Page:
|How to Have Great Ideas
| I had been thinking about creativity
for some time, and was stuck. Can
you have ideas “on demand”? That
seems crazy; ideas just “happen,”
These thoughts were on my mind
as I browsed the window of a game
shop, seeking a present for my
son’s eighth birthday. Then I saw a
chess set, with all of the pieces laid
out. But something was wrong —
whoever had placed the pieces did
not know the rules of chess, as the
positions of the knights and bishops
had been flipped. BANG!
Creativity! That’s it!
As we all know, the starting
positions of chess pieces are
predetermined: the rooks in the
corners, the king and queen in the
middle, the pawns at the front. But
suppose players could choose
where to put their pieces. Game
play would then be different, and
none of the conventional gambits
I became aware of “chess variants”
much later, but that sudden insight
answered my question about
creativity — how to have ideas “on
demand.” Start with what you
know (in chess, all the starting
positions are given), ask how this
might be different (“suppose the
rooks do not start in the corners”),
and then let it be...
It’s that simple, and it works every
time. This philosophy also embodies
two very important first principles:
• When it comes to creativity, the
goal is not novelty, but rather
difference — difference from the
status quo, which is nicely grounded
in reality, for we know what the
status quo is.
• As Arthur Koestler points out in
The Act of Creation, creativity is the
discovery of a fresh pattern formed
from existing elements, not a “bolt
from the blue.” It is all about things
that are already there, simply
configured in different patterns and
— Dennis Sherwood
Dennis Sherwood runs his own U.K.-
based consultancy, The Silver Bullet
Machine Manufacturing Company Ltd.
At the end of April, SIAM held a two-day strategic planning workshop called ADVANCE. The 25 attendees included SIAM officers and staff, as well as other members of the SIAM community selected to bring a diverse range of viewpoints. The event, which took place just outside of Philadelphia, Pa., was facilitated by consultant and creativity expert Dennis Sherwood (seeaccompanying sidebar).
The impetus for the workshop came from the July 2017 Board and Council meetings, at which attendees recognized that it was timely for SIAM to engage in some strategic planning. The Board duly authorized the expenditure necessary to run an appropriate event. Over several months, executive director Jim Crowley, chief operating officer Susan Palantino, and I developed—in consultation with Sherwood—a set of approximately 30 exercises for workshop use. Each one presented a list of questions on a particular topic and asked breakaway groups of six or so participants to individually and silently write down their thoughts, share them with each other, and then ask, “how might this be different?” The topics included journals, membership, diversity, conferences, fundraising, chapters and sections, new products, and the ways in which SIAM could make use of unlimited funds (a dream scenario designed to encourage new ideas).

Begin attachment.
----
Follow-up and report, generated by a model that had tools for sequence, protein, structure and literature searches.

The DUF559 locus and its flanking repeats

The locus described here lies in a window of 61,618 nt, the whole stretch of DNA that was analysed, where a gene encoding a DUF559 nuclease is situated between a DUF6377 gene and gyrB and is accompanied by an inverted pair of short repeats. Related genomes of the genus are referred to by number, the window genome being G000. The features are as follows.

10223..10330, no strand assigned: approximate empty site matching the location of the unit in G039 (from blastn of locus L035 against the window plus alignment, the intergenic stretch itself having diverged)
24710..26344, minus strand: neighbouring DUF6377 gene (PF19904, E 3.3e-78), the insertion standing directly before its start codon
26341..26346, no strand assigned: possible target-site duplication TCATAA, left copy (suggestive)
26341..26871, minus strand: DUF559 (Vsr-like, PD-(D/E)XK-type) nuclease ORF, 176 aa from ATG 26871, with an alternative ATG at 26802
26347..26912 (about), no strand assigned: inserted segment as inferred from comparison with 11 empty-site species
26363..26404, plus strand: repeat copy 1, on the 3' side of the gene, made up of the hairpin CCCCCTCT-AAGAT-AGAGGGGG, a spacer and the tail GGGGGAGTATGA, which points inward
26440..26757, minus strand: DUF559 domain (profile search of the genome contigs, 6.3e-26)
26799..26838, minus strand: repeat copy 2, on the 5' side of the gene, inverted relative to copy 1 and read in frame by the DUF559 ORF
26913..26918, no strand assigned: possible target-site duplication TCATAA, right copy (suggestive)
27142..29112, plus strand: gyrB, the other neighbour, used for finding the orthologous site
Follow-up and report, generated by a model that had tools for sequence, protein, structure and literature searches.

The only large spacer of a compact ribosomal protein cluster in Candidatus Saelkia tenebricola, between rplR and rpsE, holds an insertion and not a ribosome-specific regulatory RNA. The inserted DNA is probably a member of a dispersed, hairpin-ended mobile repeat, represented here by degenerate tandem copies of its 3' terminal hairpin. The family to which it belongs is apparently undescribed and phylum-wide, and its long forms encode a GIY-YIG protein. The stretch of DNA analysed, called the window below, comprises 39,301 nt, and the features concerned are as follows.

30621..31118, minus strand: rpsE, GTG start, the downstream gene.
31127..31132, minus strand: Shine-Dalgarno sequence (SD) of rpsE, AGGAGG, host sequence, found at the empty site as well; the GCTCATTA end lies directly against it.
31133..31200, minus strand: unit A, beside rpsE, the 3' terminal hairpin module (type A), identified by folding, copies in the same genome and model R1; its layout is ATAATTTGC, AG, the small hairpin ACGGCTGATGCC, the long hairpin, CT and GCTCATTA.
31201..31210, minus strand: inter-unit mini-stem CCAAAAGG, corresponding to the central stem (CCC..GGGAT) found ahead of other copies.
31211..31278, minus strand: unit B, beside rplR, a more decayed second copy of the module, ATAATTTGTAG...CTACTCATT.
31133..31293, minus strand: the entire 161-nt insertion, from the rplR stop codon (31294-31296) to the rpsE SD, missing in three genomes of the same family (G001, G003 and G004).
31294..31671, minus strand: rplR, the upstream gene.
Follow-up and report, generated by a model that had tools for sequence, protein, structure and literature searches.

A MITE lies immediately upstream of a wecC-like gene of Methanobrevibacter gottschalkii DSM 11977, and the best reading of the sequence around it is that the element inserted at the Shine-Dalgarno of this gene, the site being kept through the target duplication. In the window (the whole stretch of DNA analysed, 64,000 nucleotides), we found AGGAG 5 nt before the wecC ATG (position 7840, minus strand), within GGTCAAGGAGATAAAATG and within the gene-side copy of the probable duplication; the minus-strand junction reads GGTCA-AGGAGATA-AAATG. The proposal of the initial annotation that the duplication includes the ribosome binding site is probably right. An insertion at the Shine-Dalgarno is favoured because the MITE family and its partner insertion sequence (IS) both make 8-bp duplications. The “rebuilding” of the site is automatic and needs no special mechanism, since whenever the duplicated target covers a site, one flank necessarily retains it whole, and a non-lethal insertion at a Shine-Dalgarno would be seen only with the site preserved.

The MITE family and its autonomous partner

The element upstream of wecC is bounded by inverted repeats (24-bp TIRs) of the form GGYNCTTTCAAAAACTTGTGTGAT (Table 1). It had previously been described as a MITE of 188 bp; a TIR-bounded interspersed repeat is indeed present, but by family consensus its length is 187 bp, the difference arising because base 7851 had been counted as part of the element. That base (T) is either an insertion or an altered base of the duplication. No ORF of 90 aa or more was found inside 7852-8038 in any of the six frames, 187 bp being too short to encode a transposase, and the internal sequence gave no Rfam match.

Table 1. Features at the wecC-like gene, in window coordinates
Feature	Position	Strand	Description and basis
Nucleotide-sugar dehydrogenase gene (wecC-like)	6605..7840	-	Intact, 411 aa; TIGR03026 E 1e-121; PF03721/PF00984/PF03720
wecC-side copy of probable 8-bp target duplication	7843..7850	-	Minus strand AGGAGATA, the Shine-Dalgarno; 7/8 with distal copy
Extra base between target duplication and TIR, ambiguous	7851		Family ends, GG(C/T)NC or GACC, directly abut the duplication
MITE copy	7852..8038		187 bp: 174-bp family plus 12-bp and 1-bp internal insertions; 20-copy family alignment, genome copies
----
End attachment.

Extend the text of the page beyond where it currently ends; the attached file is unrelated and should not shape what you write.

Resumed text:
Members of the SIAM community gather in a breakaway group to discuss membership opportunities during ADVANCE, a recent strategic planning workshop that yielded various ideas about future directions for SIAM. Photo credit: Dennis Sherwood.
The group generated a large number of objectives that SIAM staff, officers, committees, and the Board and Council will take forward, including through discussions at the 2018 Annual Meeting in Portland, Ore., this July. One idea aims to substantially increase SIAM’s fundraising efforts. Others target various aspects of SIAM’s journals programme, especially the utilization of technology; the provision of a vehicle for industrial members to communicate open problems and interesting applications; the enhancement of membership benefits; and an increase in the number of SIAM sections and student chapters.
A recurring theme was the need to better exploit data when making decisions, though participants recognized that the required data is not always easy to obtain. Sherwood pointed out that inadequate data is often an excuse for organizations’ lack of action, and urged that SIAM not fall into this trap.
After two long days of hard work, ADVANCE participants were exhausted but energized by the productive discussions. Several contributors observed that achieving the workshop’s results would have been difficult with the (necessarily) short discussions that occur at Board and Council meetings, and that the group of attendees was even more diverse than at those bodies.
I look forward to working with SIAM staff and volunteers to take the ideas forward over the coming months.
Cartoon created by mathematician John de Pillis.
|| Nicholas Higham is Royal Society Research Professor and Richardson Professor of Applied Mathematics at the University of Manchester. He is the current president of SIAM.